3 Report on the Economic Well-Being of U.S. Households in 2018 Accessed Oct. 25, 2019. https://www.federalreserve.gov/publications/files/2018-report-economic-well-being-us households-201905.pdf.
4 Aflac. “2018 Aflac WorkForces Report.”
5 U.S. Social Security Administration. “Social Security Basic Facts,” 2019, accessed Oct. 25, 2019. http://www.ssa.gov/news/press/factsheets/basicfact-alt.pdf.
6 Council for Disability Awareness Disability Statistics, last updated on March 2018. Accessed Oct. 25 2019. https://disabilitycanhappen.org/disability-statistic/.
7 How many working Americans Have Adequate Disability Coverage? Accessed Oct. 25, 2019.https://blog.disabilitycanhappen.org/how-many-americans-have-disability-coverage/.
Coverage is underwritten by American Family Life Assurance Company of Columbus. In New York, coverage is underwritten by American Family Life Assurance Company of New York. WWHQ | 1932 Wynnton Road | Columbus, GA 31999.
Accident: In Arkansas, Policy A37000AR. In Idaho, Policy A37000ID. In New York, Policy NY37000. In Oklahoma, Policy A37000OK. In Oregon, Policy A37000OR. In Pennsylvania, Policy A37000PA. In Texas, Policy A37000TX. In Virginia, Policies A35100VA–A35400VA, A35B24VA & A35BOFVA.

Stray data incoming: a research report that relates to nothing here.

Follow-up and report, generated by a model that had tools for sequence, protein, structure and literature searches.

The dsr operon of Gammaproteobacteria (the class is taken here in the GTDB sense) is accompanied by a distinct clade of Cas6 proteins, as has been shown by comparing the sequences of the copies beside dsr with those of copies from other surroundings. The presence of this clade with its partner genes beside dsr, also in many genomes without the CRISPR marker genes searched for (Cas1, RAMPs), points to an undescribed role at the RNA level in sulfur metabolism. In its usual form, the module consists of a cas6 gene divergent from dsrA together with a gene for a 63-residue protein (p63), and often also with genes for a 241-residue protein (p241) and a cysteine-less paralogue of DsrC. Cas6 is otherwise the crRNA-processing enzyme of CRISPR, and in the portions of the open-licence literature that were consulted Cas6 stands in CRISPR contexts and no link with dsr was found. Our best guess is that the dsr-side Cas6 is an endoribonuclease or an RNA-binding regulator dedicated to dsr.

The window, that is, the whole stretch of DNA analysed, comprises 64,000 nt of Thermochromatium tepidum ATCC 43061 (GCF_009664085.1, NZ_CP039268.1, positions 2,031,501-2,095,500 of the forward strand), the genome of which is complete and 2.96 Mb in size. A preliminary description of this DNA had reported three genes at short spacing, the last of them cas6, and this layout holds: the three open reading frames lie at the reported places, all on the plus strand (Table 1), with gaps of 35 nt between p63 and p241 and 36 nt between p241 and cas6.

Cancer: In Arkansas, Policies B70100AR, B70200AR, B70300AR, B7010EPAR, B7020EPAR. In Idaho, Policies B70100ID, B70200ID, B70300ID, B7010EPID, B7020EPID. In Oklahoma, Policies B70100OK, B70200OK, B70300OK, B7010EPOK, B7020EPOK. In Oregon, Policies B70100OR, B70200OR, B70300OR, B7010EPOR, B7020EPOR. In Pennsylvania, Policies B70100PA, B70200PA, B70300PA. In Texas, Policies B70100TX, B70200TX, B70300TX, B7010EPTX, B7020EPTX. In Virginia, Policy A72200VA.
Hospital: In Arkansas, Policies B40100AR & B401HAR. In Idaho, Policies B40100ID & B4010HID. In New York, Policies NYB40100 & NYB4010H. In Oklahoma, Policies B40100OK & B4010HOK. In Oregon, Policies B40100OR & B4010HOR. In Pennsylvania, Policies B40100PA & B4010HPA. In Texas, Policies B40100TX& B4010HTX. In Virginia, Policies A-45100-VA–A-45300-VA.
Short-Term Disability: In Arkansas, Policies A57600AR & A57600LBAR. In Idaho, Policy A57600IDR. In New York, Policy NY57600. In Oklahoma, Policies A57600OK & A57600LBOK. In Oregon, Policies A57600OR & A57600LBOR. In Pennsylvania, Policies A57600PA & A57600LBPA. In Texas, Policies A57600TX & A57600LBTX. In Virginia, Policies A57600VA & A57600LBVA.
This is a brief product overview only. Coverage may not be available in all states. Benefits/premium rates may vary based on plan selected. Optional riders may be available at an additional cost. The policy/rider has limitations and exclusions that may affect benefits payable. Refer to the specified policy/rider form(s) for complete details, benefits, limitations, and exclusions. For availability and costs, please contact your local Aflac agent.